In recent years, Aomori Prefectural Central Hospital has pushed forward organizational reforms and reorganized wards, establishing treatment centers for each of four major illnesses, including cancer, heart disease, strokes, and diabetes. “In order to provide the best treatment and care for patients’ illnesses, we have a policy in which doctors and technicians from a number of departments, not just the department of treatment, come together to decide the best methods for treatment,” says Shigeaki Yoshida, Director General of the hospital.
In order to support such advanced medical services, the hospital actively engages with IT. However, a number of problems surrounding the hospital’s internal IT environment had surfaced in recent years.
First, there had been a shortage of PCs for electronic medical records. Because the PCs at nurse stations were shared, staff had to queue to use them in the evening and other busy periods. “Because of the waiting, work got held up and our operating efficiency deteriorated. Staff worked overtime, which led to an increase in personnel costs, so we had to work out a solution promptly,” explains the hospital’s Shigeaki Murakami.
The second problem was the way that servers were dispersed. Because each individual medical department had a variety of systems, servers were scattered throughout the hospital. In addition to putting pressure on limited space resources, it was difficult for the Medical Information Department to ascertain the type of IT resources used within the hospital, and where they were located. “When trouble arose we would contact the Medical Information Department. However, because of the on-site nature of day-to-day operations, it would take a lot of time to determine the cause of the problem. We felt that we had to reduce waste and also make improvements to governance,” says the hospital’s Hiroki Miura.
Consequently, it was virtualization technology that caught the eye of the hospital.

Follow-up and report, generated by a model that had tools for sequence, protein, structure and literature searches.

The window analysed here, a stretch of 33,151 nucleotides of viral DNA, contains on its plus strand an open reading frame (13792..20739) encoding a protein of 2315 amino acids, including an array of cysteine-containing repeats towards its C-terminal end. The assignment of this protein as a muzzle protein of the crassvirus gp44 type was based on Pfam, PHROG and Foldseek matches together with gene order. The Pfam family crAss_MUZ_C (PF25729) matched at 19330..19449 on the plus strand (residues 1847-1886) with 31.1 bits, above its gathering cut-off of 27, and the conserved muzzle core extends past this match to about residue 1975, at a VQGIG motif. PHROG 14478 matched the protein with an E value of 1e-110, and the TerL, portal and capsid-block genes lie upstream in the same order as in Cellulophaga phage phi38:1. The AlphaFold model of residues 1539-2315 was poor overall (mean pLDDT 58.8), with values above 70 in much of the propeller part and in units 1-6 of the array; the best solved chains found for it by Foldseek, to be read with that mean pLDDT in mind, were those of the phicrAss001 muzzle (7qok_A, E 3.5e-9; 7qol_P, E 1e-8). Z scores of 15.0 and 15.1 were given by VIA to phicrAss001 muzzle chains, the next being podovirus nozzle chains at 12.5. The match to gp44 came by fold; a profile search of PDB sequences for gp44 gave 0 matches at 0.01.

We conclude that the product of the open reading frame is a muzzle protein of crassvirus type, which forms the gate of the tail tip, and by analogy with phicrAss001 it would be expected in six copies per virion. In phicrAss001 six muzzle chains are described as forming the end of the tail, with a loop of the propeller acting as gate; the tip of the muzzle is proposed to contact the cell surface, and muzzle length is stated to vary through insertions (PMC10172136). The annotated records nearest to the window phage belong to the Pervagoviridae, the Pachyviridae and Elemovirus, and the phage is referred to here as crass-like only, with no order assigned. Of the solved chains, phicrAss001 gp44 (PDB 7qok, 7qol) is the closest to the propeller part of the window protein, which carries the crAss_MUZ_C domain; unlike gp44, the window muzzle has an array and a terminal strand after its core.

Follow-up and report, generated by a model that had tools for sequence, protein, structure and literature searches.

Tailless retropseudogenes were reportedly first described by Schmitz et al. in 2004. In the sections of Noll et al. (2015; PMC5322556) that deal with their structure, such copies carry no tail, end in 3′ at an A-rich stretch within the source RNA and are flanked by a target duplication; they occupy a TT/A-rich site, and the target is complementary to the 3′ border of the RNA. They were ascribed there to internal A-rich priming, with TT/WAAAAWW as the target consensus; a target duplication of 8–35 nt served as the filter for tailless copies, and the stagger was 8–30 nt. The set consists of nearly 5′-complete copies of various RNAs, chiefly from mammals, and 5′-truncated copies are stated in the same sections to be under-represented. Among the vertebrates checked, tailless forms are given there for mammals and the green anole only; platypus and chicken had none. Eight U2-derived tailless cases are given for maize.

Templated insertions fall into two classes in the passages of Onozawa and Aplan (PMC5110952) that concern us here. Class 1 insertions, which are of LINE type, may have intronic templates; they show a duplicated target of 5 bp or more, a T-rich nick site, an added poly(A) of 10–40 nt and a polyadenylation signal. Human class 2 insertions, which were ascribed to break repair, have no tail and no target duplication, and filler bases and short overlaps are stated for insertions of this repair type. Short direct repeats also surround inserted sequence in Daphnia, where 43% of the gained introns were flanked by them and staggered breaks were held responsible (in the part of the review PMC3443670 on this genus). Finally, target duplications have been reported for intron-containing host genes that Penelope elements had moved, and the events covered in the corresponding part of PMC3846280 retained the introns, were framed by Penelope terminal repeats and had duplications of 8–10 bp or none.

The hospital consulted with the company in charge of the project, NEC, used VMware® Horizon ViewTM to construct a VDI (Virtual Desktop Infrastructure) to virtualize its desktops, and then distributed tablets to each member of the nursing staff. As a result, it became possible to access electronic medical records at any time, without the need to wait. “Tablets have a superior cost-performance ratio over PCs, and don’t take up any space. We decided that providing a device for each staff member was the best method to increase operational efficiency at the optimum cost,” explains NEC’s Junichi Ono.
Due to improved integration rates and operating stability, the hospital decided to adopt VMware vSphere® to consolidate the servers dispersed in each department in the virtualized environment. “The Medical Information Department wanted to manage server resources centrally and migrate to a system which provided resources to each department as they were needed,” says Miura.
Although the hospital decided to migrate from a physical environment to a virtual one in this manner, a problem still remained–security.
The hospital was worried that the scope of damage that resulted from an occurrence of an incident would be wider in a virtual environment in which a single server was running a number of virtual machines than in a physical environment. Furthermore, from the perspective of safe treatment, medical institutions such as hospitals demand advanced security countermeasures.
The hospital adopted Trend Micro™ Deep Security™. In addition to the proven track record of Trent Micro as a security vendor, the fact that Deep Security is optimized for VDIs also supported the adoption.
Traditional antivirus solutions can easily cause a degradation in the performance of VDIs. If an agent is installed in each virtual PC, the processing load on servers will increase when distributing pattern files and performing virus scans. “We were worried about performance because the VDI combined tablets and wireless LANs. If response times were slow and it wasn't easy to use, the benefits of the deployment would be reduced by half,” reflects Murakami.
However, Deep Security coordinates with VMware vShield Endpoint, the security optimizer of the hospital’s VDI platform VMware vSphere, and the virtual appliance protection modules of Deep Security provide antivirus protection for each virtual PC. This controls sudden increases on server load, and maintains the appropriate responsiveness for the VDI.
"Information sharing and transparency is essential for the pursuit of quality health care services. I believe that this deployment has taken a major step towards achieving that."
Aomori Prefectural Central Hospital
Additionally, in regards to the hospital’s aim to consolidate department servers, Deep Security supported the adoption due to its compatibility with multiple types of server OS, including Windows and Linux. After evaluating these benefits, Aomori Prefectural Central Hospital decided to apply Deep Security to the entirety of its virtualized environment.